How did your involvement with Siemens begin?
DS—The pioneering operations intelligence platform XHQ was developed by IndX, Mario was part of the original team. I joined after Siemens acquired IndX. Today our Vizion Packs for XHQ incorporate best practice and domain knowledge obtained in the downstream and, increasingly the upstream. We transform raw data into XHQ, our ‘bread and butter.’ We are Siemens’ first official XHQ partner and are now developing our own stuff, to plug gaps in the oil and gas data landscape.
What gaps you are trying to fill?
DS—There is usually a big time lag between RT data and monthly or quarterly reporting, by which time operational damage may be done. At the corporate level, there is often a gap between strategy and operations. Big issues like energy costs may be hard to track with current tools. In maintenance, while predictive analytics packages can give early warning of failure, there may be a gap in deciding on the best course of action. A KPI/dashboard may show say ‘54% green,’ or a fancy pie chart, but this is not actionable information. Our solution lets users set targets and figure the value of different actions. KPI/KOPs need to be ranked by importance. We are data source agnostic and our experience allows us to set up and maintain these complex data linkages.
What about hard to capture data?
MB—We can access pretty well anything. We can talk to historians, relational sources or hand-entered data, all of which can be combined to an optimal KPI.
DS—We have been working on an energy intensity index, calculated in real time from multiple systems and allowing for comparison across units and with industry best practices.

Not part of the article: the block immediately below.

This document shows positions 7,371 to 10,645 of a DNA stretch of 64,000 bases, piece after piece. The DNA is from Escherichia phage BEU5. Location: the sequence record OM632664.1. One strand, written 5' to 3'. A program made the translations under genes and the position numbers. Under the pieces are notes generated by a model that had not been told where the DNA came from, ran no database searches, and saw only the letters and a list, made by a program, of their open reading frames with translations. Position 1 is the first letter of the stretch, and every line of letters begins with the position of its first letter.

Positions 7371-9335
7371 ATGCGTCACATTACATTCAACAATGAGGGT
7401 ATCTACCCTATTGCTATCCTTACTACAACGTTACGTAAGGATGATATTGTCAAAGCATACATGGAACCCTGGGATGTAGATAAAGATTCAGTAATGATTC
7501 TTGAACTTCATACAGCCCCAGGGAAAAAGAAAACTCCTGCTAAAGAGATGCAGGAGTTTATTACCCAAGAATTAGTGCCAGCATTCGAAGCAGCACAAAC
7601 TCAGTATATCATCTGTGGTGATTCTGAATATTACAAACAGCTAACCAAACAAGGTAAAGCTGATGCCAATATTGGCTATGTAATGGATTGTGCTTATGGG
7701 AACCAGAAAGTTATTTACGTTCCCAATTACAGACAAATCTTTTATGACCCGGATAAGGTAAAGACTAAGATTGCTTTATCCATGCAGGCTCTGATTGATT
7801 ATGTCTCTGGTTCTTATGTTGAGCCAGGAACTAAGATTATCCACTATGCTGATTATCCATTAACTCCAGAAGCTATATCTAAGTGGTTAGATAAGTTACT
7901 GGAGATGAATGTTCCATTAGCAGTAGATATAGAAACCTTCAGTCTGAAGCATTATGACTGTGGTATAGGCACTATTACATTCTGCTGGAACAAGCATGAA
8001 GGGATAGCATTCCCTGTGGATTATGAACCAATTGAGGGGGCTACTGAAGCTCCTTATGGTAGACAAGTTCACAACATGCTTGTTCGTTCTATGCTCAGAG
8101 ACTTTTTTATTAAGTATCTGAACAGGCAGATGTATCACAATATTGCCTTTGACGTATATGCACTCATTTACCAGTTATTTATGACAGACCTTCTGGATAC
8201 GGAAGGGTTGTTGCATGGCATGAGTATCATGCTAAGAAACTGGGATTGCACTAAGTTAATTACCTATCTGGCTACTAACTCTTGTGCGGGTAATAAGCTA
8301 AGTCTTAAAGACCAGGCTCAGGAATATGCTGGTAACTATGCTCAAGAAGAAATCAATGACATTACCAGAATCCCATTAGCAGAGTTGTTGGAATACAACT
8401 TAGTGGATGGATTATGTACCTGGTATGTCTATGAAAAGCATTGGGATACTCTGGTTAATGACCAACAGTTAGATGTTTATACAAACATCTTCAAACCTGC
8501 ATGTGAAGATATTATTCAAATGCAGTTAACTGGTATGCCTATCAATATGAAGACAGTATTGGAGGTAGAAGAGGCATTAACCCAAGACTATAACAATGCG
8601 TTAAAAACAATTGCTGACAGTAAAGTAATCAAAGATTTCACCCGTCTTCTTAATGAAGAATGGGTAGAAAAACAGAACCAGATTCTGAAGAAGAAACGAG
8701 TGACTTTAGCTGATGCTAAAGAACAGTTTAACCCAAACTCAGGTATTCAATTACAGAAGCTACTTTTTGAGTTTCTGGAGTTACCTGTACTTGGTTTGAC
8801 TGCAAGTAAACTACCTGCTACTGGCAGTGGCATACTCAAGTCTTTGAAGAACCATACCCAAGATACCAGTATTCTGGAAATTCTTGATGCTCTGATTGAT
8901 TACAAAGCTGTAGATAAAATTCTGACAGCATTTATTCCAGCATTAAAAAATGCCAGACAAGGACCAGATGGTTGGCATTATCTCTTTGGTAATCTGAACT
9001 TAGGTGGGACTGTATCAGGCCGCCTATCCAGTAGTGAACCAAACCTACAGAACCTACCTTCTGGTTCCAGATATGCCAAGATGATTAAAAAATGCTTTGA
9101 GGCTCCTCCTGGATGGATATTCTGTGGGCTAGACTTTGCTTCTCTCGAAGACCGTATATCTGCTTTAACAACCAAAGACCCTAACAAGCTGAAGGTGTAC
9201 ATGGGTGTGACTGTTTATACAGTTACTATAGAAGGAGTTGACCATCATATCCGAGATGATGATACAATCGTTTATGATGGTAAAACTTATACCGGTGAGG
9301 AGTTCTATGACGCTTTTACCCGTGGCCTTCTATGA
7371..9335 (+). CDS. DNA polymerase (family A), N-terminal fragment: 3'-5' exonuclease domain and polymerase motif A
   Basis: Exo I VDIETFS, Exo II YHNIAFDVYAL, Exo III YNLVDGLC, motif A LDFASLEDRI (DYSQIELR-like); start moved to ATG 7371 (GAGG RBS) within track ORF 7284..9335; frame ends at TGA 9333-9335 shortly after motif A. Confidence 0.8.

Do folks really run operations by looking at KPIs? Aren’t there opportunities to feedback your RT results into what’s driving the plant?
DS—I am a big fan of closing the loop, leveraging operations intelligence and turning data into actionable information. For instance we can do analytics to identify equipment ‘bad actors’ (EBA) where replacement capex is less than maintenance cost. Then we can roll in the risk of unplanned outages and manufacture say, the top five EBAs, and publish a work request for their replacement as action items. Some tasks need to be automated. Some areas are not amenable to a truly closed loop.
So where is this tool running? On the platform or in head office?
MB—It will be running in head office, reading data from a central maintenance historian. But it could feed back to systems on the platform, say telling operators where they are in the big picture, showing emerging trends such as HSE indicators.
DS—HSE is an interesting area. Often indicators are lagging, based on near misses and incident counts. We provide leading indicators as a matrix showing performance of different parts of the business and where the next ‘perfect storm’ may be brewing! We can then plug into HR/training systems and show violations, overdue work orders or where significant process disturbances or alerts are happening on one unit or shift. These leading indicators can show where the next high potential incident could occur and where action needs to be taken to reduce risks during normal operations.
Where’s your main competition? In-house development?
DS—That’s probably true. XHQ has 15 years of development and best practices behind it, some still want to develop their own stuff! The reality is that bespoke software will always be trailing-edge. We have put all our expertise into our tools. We developed and maintain the XHQ Starter Pack and Upstream Intelligence for Siemens. Our own Upstream Vizion Pack adds our view of industry best practices. Using these products avoids having a bus load of consultants working on bespoke development. We are also very familiar with data sources and we know where the data is. More from IT Vizion.
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